I hit the ground running on my first day in London, what with the Britmovietours Sherlock Holmes walk and the much less strenuous delights of staying in the Langham Hotel.
My second day in London, “that great cesspool into which all the loungers and idlers of the Empire are irresistibly drained” was spent even more energetically.
“I am the most incurably lazy devil that ever stood in shoe leather—that is, when the fit is on me, for I can be spry enough at times” ~ Sherlock Holmes, A Study in Scarlet.
I hesitate to say I was spry at all, but I was far from lazy.
I’d always assumed the famous waxworks museum would be cheesy though slickly presented. I wasn’t especially tempted to visit, although I’ve been fascinated to read about the history of waxwork models and their role in studying anatomy through the publications of the now-defunct Morbid Anatomy Museum.
A visit to Madame Tussaud’s was on the cards, though, because of its Sherlock Holmes Experience theatrical event. And also because it houses a couple of Sherlock Holmeses!
The waxworks is every bit as cheesy as I’d expected, and also very slick – and a huge amount of fun. It’s a curious collision of the historical and the new, because Madame Tussaud originally made her waxworks of famous figures in the late 18th century. Here we are in the 21st with essentially the same technology and the same purpose – but now we can take selfies with our celebrity substitutes. Knowing they’re wax replicas doesn’t diminish the fun. In fact, if you’re a Doctor Who fan, you can imagine them all as Autons about to come to life and the fun just doubles.
Naturally I had photos taken with a few of my favourite historical and theatrical faves: William Shakespeare, Freddy Mercury, Helen Mirren and Benedict Cumberbatch.
It’s a labryinth inside, but eventually we came across the entry to the Sherlock Holmes Experience. Robert Downey Junior’s Sherlock stood sentry in the chamber, designed to look like a Victorian London Street.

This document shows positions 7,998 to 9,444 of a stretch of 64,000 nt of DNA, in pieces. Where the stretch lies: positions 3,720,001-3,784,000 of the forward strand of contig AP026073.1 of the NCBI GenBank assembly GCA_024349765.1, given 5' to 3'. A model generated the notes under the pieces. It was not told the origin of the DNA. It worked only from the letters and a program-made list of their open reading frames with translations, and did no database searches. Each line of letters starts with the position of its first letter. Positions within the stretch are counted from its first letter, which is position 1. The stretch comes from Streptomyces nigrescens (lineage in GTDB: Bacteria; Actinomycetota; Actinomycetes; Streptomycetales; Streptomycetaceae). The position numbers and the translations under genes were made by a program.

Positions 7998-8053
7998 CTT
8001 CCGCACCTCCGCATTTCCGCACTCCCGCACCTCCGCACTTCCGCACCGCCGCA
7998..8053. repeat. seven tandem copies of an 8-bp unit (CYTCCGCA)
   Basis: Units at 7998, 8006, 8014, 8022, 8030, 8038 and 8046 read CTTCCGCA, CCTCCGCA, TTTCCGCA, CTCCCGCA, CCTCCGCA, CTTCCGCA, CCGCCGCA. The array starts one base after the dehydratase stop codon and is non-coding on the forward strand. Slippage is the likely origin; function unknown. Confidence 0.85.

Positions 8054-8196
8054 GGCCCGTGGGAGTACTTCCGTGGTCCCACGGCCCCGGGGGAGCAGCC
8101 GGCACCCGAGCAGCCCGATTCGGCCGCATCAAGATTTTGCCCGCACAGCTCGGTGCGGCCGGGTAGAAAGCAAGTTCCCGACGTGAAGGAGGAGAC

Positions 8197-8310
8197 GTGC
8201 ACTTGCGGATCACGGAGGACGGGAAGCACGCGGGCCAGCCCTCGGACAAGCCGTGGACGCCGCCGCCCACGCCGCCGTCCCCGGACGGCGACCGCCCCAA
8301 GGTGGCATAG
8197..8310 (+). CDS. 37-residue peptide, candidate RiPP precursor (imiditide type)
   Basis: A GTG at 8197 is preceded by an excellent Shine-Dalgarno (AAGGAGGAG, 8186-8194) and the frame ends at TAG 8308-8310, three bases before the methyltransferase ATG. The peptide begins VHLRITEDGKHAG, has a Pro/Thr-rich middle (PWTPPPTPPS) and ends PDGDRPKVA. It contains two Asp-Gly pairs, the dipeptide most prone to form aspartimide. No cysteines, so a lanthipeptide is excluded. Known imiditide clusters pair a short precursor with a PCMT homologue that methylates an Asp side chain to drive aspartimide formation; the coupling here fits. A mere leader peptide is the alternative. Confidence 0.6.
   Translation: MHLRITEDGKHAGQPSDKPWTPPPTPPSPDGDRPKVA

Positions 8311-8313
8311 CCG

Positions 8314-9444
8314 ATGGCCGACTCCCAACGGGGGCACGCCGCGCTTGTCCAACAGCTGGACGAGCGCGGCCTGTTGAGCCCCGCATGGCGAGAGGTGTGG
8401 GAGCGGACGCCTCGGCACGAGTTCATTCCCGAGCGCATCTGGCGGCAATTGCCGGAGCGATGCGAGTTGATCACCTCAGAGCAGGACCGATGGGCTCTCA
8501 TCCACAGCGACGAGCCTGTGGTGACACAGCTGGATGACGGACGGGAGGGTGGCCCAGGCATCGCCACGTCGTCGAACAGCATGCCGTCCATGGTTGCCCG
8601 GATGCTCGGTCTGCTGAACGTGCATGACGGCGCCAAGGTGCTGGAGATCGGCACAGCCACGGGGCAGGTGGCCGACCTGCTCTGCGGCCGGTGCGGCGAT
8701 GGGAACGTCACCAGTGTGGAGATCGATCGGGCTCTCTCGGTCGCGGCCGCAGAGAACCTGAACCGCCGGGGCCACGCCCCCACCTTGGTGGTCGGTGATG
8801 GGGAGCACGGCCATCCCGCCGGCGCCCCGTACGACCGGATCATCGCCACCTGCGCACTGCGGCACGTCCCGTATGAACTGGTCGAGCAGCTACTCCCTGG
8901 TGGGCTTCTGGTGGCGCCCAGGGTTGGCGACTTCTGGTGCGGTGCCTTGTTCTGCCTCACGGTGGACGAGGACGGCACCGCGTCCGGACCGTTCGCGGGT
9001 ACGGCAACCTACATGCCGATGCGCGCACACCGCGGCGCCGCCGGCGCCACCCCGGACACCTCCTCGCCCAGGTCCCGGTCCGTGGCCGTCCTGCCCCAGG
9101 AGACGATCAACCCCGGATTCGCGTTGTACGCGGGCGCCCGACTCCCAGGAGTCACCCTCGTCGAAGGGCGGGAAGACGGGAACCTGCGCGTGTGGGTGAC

The Experience is a bit of a mixed bag – the Baker Street set is good fun, and Mrs Hudson’s greeting and explanation of the puzzle is full of pizzazz. It’s fun to be sent through doors and find yourself at the docks, the morgue and other locales. The final part of the story gallops a bit quickly to a close and feels like it runs out of puff. But never mind: the crypt in which you find yourself is full of headstones with fabulously silly puns which you’ll get if you know your Conan Doyle canon.
London Walks: Sherlock Holmes’s London
Not content with punishing the shoe leather as mentioned, Tim and I went on to join the regular Friday afternoon Sherlock Holmes’s London tour run by London Walks.
Our guide was Richard (the Fourth of his name at the company) who was led us on our two-hour tour with its focus on Arthur Conan Doyle’s life and inspirations in London as well as locations from the 60 Sherlock Holmes stories he gave us.
Richard not only knows his ACD and Sherlock Holmes stuff, he speaks with warmth and wit. On the rare occasions this walk overlapped with the Britmovietour’s, Richard provided different anecdotes, so nothing is lost by going on both walks.
If you’re more a fan of the original stories than the various film versions, this is probably the walk for you, as it winds around places where Conan Doyle lived or visited as well as locations he used or was inspired by in creating his iconic characters.
In any case, for £10 it’s a great look at London and Sherlock Holmes, set at a pace that even Mycroft might easily manage, let alone Sherlock on a lazy day.
Speaking of which, my Holmes + Watson story The Problem of the Three Journals, an alternative universe tale of Holmes and Watson as a pair of Melbourne hipsters who run a cafe and solve mysteries, will appear in Baker Street Irregulars 2: The Game is Afoot in 2018. You can pre-order your copy now!